- Second-chance socio-economically disadvantaged mature students. Such students may be considered for a bursary where they have:
–previously attended but not completed a course
–had a three-year break in studies since leaving the course
-are returning to attend an approved course
- Students with a disability
- Members of the Irish Traveller community;
- Members of the Roma community;
- Further education and training award holders progressing to higher education;
- Students who are carers (confirmed by the Department of Social Protection (DSP) as holding a long-term means-tested carer’s allowance).
- Lone parents or teen parents (confirmed by the Department of Social Protection (DSP) as holding a long-term means-tested social welfare payment) – at least 20% of Tier 1 bursaries will be targeted at lone parents; and
- Students who are migrants, refugees or who are from ethnic minorities who are lawfully present in the State
There is one central application process for Leinster Pillar I cluster Higher Education Institutes (IADT, NCAD, MIE, TCD, RCSI and UCD). To apply for this scholarship, you need to submit an ONLINE APPLlCATION form. Please check the applicant guide as you may need to submit supporting documentation.
-Click here to see the Applicants Guide.
Where do I send my supporting documentation?
There is a central online application process for the Leinster Pillar I Cluster which is administered by UCD on behalf of the other five institutions. All supporting documentation must be sent via the online application the by 25th January 2024, 5pm. Incomplete or late documentation will not be accepted and will render applications ineligible.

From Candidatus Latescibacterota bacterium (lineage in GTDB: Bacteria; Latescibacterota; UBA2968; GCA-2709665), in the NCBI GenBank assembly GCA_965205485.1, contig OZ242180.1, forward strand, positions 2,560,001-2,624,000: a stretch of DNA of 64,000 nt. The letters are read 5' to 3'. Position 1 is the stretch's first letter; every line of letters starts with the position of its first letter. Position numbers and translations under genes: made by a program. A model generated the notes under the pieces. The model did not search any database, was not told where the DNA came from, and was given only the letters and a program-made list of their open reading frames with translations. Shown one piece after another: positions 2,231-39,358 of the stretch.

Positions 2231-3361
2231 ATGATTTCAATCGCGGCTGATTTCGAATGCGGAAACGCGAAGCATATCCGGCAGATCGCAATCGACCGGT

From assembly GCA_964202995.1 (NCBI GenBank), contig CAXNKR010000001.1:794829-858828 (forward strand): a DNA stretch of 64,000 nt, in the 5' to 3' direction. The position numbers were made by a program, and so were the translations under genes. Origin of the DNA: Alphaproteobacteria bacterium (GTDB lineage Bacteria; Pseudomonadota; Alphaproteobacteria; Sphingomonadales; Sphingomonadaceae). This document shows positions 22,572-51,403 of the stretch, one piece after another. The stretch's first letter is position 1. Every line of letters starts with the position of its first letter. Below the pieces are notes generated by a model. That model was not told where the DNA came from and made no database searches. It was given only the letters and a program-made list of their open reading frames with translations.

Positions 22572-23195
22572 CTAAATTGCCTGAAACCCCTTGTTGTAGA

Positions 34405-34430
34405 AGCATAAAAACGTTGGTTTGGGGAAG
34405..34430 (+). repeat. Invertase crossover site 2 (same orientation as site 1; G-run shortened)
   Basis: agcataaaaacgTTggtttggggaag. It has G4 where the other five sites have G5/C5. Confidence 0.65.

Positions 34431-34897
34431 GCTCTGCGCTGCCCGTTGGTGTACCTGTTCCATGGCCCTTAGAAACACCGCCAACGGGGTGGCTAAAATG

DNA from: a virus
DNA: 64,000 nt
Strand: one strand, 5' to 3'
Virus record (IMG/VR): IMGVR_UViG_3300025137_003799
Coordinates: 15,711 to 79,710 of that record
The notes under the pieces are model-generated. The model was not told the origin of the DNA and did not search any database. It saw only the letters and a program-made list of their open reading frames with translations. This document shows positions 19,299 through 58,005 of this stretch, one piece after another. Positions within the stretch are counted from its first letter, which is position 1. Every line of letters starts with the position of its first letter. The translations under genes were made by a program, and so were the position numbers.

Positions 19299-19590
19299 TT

Contact email@example.com if you need support or guidance with your application as soon as possible.
Would you like to appeal the outcome decision?
The Leinster Pillar I cluster is committed to ensuring all applications are assessed fairly, accurately and according to the published guidelines.
Full details on making an appeal will be provided to all applicants who are initially unsuccessful in their applications.
There will be an Independent Appeals Panel to ensure your application was assessed fairly and in line with the criteria. Unsuccessful applicants will be notified of the outcome of their application and on how to make an appeal.
The appeals procedure is in respect of process only i.e., that you believe an administrative error was made. No new information can be included or considered at appeal stage.
“The 1916 Bursary gave me confidence, and without the extra economic support life in my house would have been absolutely miserable for my family. I would not have been able to afford shoes for myself and would have to go without home heating. I would have felt guilty about investing my time and money in education.
Instead each year I could look forward to Christmas and not feel guilty about spending money ahead of shortages in the new year. I was always able to pay my bills on time which would not have happened without the 1916 Bursary.
I am pretty sure I would have at least had to take a gap year during the undergraduate if not dropped out. The pressure I put myself under would have been too much if I had not had the economic cushion of the Bursary. In first year I used some of the money to take some private grinds and I supported my daughter through her studies with extra help and therefore the Bursary helped two people reach their education goals.
I was extremely happy to find out that the 1916 Bursary would continue for me if I continued to a postgraduate course. I hope to understake a PhD in September and I hope I can continue to rely on the 1916 Bursary. Thank you so much for all the support.”
“Having been awarded the Bursary, I was able to achieve a variety of things which would have been difficult without it. Firstly, having known that I will have income which will be able to pay for my transport, any material fees and materials needed for my school placement e.g., resources and posters, meant I can devote my time to study and my college work rather than having the stress of managing my school, personal and work life. With me being able to pay for my own expenses, it reduces the pressure from my parent in terms of putting money aside for the coming school years along with this one.